Crisis Management

The New York Times is apparently determined to make a man out of me. In January Katie Roiphe chided the post-Boomer generation of writers for being diffident about sex, if not outright scared of it. Now, A.O. Scott laments the wussiness that he believes seems to pervade members of Generation X as they—as I—approach middle age. “How can a generation whose cultural trademark is a refusal to grow up have a midlife crisis?” Scott asks.

Exhibit A in Scott’s argument is Sam Lipsyte‘s The Ask, a very funny novel about modern-day Weltschmerz, but one that says more about particular moment in life than any particular generation. That’s not to deny that Milo, Lipsyte’s schlumpfy anti-hero, is an Xer, or that his concerns and tone don’t have a uniquely Gen X spin to them. The cynicism about a culture that broke up their parents, that argued against corporations, and that handed them a recession as soon as they got out of college—it’s all there. And a degree of shock over what everyday success and attainment might meant to them is there too. Milo notices early on that his doppelgangers stalk the streets of his neighborhood:

A man who looked a bit like me, same eyewear, same order of sneaker, charged past. They were infiltrating, the freaking me’s. The me’s were going to wreck everything, hike rents, demand better salads. The me’s were going to drive me away.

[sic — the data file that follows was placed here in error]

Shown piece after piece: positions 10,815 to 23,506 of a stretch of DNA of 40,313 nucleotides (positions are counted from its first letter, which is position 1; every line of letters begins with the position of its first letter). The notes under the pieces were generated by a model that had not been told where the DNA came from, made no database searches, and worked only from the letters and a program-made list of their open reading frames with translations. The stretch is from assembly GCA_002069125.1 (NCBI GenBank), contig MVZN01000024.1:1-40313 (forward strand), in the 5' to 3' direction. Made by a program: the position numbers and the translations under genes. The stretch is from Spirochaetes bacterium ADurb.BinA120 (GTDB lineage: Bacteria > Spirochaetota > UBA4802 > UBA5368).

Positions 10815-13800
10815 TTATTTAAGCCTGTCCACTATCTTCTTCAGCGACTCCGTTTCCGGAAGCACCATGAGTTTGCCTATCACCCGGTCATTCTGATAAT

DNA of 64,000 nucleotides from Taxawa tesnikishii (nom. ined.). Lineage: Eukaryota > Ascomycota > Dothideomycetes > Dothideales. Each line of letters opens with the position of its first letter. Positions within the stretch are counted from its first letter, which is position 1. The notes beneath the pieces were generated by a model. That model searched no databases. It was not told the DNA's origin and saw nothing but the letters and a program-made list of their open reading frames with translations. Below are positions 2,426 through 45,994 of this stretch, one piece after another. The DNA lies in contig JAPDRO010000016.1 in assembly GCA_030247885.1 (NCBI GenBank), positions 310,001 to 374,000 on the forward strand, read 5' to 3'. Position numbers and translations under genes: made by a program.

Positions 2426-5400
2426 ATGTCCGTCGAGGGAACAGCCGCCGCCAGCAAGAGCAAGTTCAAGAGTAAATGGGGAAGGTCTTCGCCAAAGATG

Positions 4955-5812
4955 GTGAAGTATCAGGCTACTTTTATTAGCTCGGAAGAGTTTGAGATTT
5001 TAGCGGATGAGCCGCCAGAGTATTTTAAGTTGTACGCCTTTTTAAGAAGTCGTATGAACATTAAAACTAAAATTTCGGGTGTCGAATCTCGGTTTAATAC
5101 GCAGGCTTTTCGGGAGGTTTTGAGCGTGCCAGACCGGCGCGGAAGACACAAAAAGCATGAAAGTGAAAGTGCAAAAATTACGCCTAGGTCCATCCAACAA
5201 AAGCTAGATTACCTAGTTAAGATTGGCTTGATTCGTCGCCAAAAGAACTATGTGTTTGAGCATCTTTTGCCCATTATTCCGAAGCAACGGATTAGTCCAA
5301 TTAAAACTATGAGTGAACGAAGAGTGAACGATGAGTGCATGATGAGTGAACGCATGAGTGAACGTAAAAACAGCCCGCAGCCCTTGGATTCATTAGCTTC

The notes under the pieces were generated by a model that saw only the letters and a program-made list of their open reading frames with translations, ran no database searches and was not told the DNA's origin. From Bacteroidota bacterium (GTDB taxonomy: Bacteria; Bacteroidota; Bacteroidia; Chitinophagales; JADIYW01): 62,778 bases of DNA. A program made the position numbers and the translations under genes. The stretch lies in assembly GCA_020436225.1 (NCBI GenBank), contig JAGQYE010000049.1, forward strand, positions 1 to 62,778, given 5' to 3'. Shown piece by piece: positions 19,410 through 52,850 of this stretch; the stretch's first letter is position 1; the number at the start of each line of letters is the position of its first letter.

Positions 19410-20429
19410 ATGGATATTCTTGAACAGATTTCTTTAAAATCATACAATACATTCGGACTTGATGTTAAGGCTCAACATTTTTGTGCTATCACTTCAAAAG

If that’s an X-ish experience, the sense of disorientation captured in those sentences isn’t so specific, which speaks to the creakiest beam in Scott’s essay. “Earlier versions of the crisis were, by and large, reactions against social norms,” he writes. “Members of the Greatest Generation and the one that came right after — the ‘Mad Men’ guys, their wives and secretaries — settled down young into a world where the parameters of career and domesticity seemed fixed, and then proceeded, by the force of their own restlessness, to blow it all up.” But Xers, like every generation, were raised with social norms too, just an inversion of what Boomers were raised with—the new rule was that we were going to have to figure out a lot of this ourselves, because families, corporations, and government had largely proven themselves untrustworthy. The norm was to be entrepreneurial, to the point of investing heavily in crackpot Dot-com Boom projects. To the extent you consider yourself more or less successful by that standard, the more or less susceptible you might be susceptible to a midlife crisis.